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Environmental String Tied to Sri Lanka Loan

June 17, 1989|LARRY B. STAMMER | Times Environmental Writer

In a decision hailed by environmentalists, the World Bank for the first time has called for unprecedented environmental safeguards in granting a $20-million loan to Sri Lanka to help finance the island nation's logging industry and to protect its dwindling tropical forests.

The bank sought and received assurances from Sri Lanka that it would suspend plans to log upward of 45,000 acres of some of the world's oldest tropical forest land pending environmental review after concerns were raised by the United States and private environmental groups.

While the pledge is not part of the official loan agreement, the loan approval was delayed for two days at the United States' request until the assurances were received by cable from the Sri Lankan government.

Under provisions of the loan, Sri Lanka will establish a new environmental unit in its forestry department--funded in part by loan proceeds--to enforce environmental protections, conduct environmental impact studies and develop forest management plans. The nation's forestry education will also be expanded.

The Sri Lanka loan comes against a backdrop of rising international concern over global warming, acid rain and the thinning ozone layer, and amid renewed efforts by some nations to take strong action against these problems.

Greenhouse Effect

Deforestation is a major contributor accelerating the "greenhouse effect," particularly when vast stretches of forest cover are burned to clear the land for expanding populations or for agricultural or ranching purposes. Such fires, which have been photographed from satellites in space, pump tons of carbon dioxide into the atmosphere, a major culprit in global warming.

But in the drive to increase their standard of living, Third World countries have often been reluctant to heed pleas by industrialized nations to protect their natural resources on grounds that global environmental quality was at stake. Developing countries have repeatedly pointed out that international environmental problems such as acid rain, depletion of the ozone layer and the greenhouse effect have largely been caused by industrialized nations.

During the last 30 years, about half of Sri Lanka's tropical forests have been depleted and about 100,000 more acres of natural forest land is lost each year, according to environmental groups.

"It's the first time the concerns of environmentalists have been addressed in a project before it was approved. . . . It looks as if the bank has finally seen the forest for the trees," said Glenn Prickett of the Natural Resources Defense Council.

Environmentalists hope similar conditions will now be applied to World Bank loans to other nations, such as Brazil, and that other international lending institutions will impose similar requirements on credits.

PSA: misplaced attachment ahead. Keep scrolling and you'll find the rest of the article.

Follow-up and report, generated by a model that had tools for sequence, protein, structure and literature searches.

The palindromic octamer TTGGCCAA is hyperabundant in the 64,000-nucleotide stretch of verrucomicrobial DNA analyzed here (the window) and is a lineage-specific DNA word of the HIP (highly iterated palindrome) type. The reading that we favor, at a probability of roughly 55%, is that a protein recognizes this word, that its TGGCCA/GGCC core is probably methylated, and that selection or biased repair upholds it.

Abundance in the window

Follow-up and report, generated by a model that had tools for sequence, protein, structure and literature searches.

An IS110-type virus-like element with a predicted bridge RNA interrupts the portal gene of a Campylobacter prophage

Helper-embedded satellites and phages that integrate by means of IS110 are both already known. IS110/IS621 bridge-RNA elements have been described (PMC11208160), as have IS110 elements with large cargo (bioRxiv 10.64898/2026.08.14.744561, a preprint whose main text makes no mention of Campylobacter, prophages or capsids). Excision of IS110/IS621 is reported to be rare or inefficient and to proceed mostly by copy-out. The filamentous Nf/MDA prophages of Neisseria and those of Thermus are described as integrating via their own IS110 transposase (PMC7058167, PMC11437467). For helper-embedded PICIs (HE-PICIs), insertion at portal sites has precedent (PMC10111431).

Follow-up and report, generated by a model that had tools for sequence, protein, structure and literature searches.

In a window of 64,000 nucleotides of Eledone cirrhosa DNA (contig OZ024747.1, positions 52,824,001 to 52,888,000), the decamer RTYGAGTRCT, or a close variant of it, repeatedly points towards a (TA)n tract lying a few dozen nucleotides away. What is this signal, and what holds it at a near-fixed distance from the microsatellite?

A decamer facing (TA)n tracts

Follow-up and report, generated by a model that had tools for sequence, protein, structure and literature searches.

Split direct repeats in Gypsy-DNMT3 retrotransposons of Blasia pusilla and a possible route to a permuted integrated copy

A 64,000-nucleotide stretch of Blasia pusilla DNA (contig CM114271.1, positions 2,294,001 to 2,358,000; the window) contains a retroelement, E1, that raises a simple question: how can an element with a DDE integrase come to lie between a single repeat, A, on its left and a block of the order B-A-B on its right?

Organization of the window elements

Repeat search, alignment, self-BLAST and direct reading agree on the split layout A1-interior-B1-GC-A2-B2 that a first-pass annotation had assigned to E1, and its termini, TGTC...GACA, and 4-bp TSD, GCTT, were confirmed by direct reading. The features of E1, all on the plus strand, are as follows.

World Bank spokesman Pastor Sison said Friday that he expects the loan's environmental provisions to establish a precedent, and noted that Sri Lanka's approach could become a model for forestry projects in Nepal, Bangladesh and South Korea.

"This would help spread this development pattern beyond those three countries," Sison said in a telephone interview from Washington.

A U.S. Treasury official, who asked to remain anonymous, added: "This shows what the World Bank can do. I would imagine they can't be less careful in the future. To step backward and do the usual kind of forestry loan would be highly objectionable to a number of stockholders of the World Bank, including the United States."

As recently as last week, representatives of the U.S. government, the Natural Resources Defense Council, the Sierra Club and a Sri Lankan-based environmental organization opposed the Sri Lankan loan on grounds that it lacked environmental safeguards.

The Natural Resources Defense Council said that as a result of these concerns, the bank "rapidly executed" an agreement with the Sri Lankan government to suspend logging operations on remaining natural forests until environmental surveys are completed. The NRDC said Friday that could take as long as two years.

"This is the first time I have seen such extensive coverage of the environmental issues in a forestry project, and I commend the bank for it," said Mark T. Cox IV, a U.S. government official and an alternate executive director of the bank.

He made it clear that U.S. support for the loan was based on assurances from the Sri Lankan government that the environmental impact assessments will be done in keeping with a new law the Sri Lankan government enacted last December.

Those assessments, both U.S. and Sri Lankan officials said, will reinforce a forestry master plan that was completed about four years ago.

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